Growing new plants from cuttings is easy. Take six to ten inch cuttings from one-year-old shoots in the autumn after leaf fall. Cut off the unripened shoot tips and stick in the soil. Leave just two buds above soil level. If this is done in the autumn, by the next spring the sticks will have rooted. Remove any berries that may form in the first year. The following spring, dig up the new plants and replant in their permanent position. It will take about 3 years for the plants to reach full maturity, by which time, you can take new cuttings from those plants.
I began my growing with just two mature plants. The first year I took about twenty cuttings, thinking that maybe a quarter of them would root. Boy was I wrong! Every single one of them “took”. The following spring I was begging the other allotment owners to take some from me! I now have approximately fifteen mature plants, and another six immature plants, all from the origi
nal two. As most bushes have a reasonable life span of about 10 years, I will be renewing some of the older plants in the next couple of years.
Ben Lomond is probably the most popular of varieties, and is the one usually sold in Garden Centres. It is one of the most heavy yielding varieties, and is resistant to many of the diseases that the bushes can be prone to.
Laxton’s Giant is an early ripening, frost resistant variety, but it can be susceptible to high winds, so should be grown in a sheltered position. Its fruit is sweet and juicy, heavy yielding, and easy to pick.
Silvergieters Zwarte is a mid summer fruiting variety. The currants are large, and produced in long, easy to pick clusters.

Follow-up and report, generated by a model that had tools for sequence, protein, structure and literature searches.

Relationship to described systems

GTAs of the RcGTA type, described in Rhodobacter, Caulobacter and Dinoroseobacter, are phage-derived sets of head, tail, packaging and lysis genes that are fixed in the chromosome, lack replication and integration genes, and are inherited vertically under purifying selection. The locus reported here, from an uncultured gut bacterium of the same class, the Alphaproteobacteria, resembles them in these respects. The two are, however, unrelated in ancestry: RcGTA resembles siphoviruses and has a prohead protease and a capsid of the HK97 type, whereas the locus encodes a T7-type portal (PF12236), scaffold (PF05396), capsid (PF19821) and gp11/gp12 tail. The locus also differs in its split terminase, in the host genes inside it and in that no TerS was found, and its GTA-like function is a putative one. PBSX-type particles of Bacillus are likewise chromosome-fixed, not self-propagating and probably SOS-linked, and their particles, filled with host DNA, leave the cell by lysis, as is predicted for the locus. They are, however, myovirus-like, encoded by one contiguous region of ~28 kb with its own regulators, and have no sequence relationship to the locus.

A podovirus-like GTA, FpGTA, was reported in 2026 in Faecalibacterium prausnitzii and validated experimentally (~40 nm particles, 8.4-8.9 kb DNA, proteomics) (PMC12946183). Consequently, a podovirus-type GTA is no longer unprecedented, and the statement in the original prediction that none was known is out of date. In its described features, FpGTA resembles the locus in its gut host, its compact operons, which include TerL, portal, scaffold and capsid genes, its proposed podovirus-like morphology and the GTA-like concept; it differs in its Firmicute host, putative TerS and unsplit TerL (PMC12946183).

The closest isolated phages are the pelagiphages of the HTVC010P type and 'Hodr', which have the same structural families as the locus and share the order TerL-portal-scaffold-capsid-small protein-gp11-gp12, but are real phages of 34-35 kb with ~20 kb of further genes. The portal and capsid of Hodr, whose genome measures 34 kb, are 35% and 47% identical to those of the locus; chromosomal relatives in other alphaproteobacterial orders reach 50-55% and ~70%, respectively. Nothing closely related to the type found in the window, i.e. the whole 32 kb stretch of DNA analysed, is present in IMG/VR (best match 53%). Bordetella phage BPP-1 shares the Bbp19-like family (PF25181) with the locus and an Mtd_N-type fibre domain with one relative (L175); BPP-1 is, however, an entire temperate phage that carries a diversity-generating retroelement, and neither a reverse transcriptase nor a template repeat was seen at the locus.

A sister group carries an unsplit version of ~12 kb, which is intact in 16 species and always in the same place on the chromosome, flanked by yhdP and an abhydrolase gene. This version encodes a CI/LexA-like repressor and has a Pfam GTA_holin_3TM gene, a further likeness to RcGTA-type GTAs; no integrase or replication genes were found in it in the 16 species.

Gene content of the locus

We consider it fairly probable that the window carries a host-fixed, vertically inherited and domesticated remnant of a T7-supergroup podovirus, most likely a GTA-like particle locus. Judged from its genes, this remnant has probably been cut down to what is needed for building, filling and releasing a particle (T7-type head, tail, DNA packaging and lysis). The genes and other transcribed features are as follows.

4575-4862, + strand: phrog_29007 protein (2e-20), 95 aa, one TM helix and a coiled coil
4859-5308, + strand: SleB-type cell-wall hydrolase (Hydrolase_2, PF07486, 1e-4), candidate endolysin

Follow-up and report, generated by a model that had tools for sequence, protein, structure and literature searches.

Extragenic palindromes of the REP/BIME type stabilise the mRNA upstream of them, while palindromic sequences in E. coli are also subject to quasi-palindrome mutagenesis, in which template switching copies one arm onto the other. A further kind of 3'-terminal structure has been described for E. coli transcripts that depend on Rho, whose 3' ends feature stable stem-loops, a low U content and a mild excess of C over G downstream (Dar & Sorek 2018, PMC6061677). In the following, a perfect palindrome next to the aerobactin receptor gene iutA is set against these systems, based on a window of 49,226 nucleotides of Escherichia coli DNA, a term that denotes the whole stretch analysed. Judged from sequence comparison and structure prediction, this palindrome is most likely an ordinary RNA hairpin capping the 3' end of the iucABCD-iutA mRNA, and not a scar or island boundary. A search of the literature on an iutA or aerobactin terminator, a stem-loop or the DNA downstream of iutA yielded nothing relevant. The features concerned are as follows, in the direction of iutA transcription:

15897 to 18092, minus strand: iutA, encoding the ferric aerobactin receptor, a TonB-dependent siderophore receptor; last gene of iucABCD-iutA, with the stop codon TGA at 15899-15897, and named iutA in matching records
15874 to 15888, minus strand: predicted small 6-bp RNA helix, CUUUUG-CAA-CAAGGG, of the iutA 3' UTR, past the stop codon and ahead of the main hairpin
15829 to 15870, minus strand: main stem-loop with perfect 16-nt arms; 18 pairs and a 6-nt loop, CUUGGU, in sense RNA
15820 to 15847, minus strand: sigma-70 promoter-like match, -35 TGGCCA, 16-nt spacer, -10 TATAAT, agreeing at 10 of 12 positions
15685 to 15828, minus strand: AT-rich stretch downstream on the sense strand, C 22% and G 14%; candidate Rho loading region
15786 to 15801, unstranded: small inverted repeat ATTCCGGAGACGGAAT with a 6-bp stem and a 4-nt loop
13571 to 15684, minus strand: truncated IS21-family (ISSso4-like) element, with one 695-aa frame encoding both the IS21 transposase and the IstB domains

Seabrooks Black will crop even in exposed positions. The fruit is slightly more acid than many of the others, which makes it an excellent variety for jam. The clusters of fruit tend to be smaller, which makes it a bit more tiresome to pick.
Ben Serek is a later fruiting variety, and is more of a dwarf bush than many others. The flavour of the fruit is not as acceptable to some, being on the sharp side.
Ben Tirren is probably the latest ripening variety, with the fruit not being ready to pick until late August. It has a very good flavour, and crops heavily.
Jostaberry is a hybrid cross between a gooseberry and a blackcurrant. It looks and eats like a gooseberry, but grows like a blackcurrant, with berries about twice the size of an ordinary blackcurrant. I have four of five of these, and they make excellent setting additions in making jam, but beware of the thorns when harvesting! They are about an inch long and lethal!
There are obviously other varieties of blackcurrant, but these are probably some of the most well known.
OTHER FACTS ABOUT BLACKCURRANTS
Recent research by recognized scientists has shown that blackcurrants have very high antioxidant activity. An
tioxidants have received a lot of press for their possible role in preventing the degenerative diseases of aging (e.g. cancer and heart disease).
This is because antioxidants help protect against the harmful effects of free radicals and other highly reactive chemicals, which may cause cell damage. Traditionally, this activity has been attributed to the high Vitamin C content but this recent research has now shown that the high Anthocyanin content of Blackcurrants may be the principle source.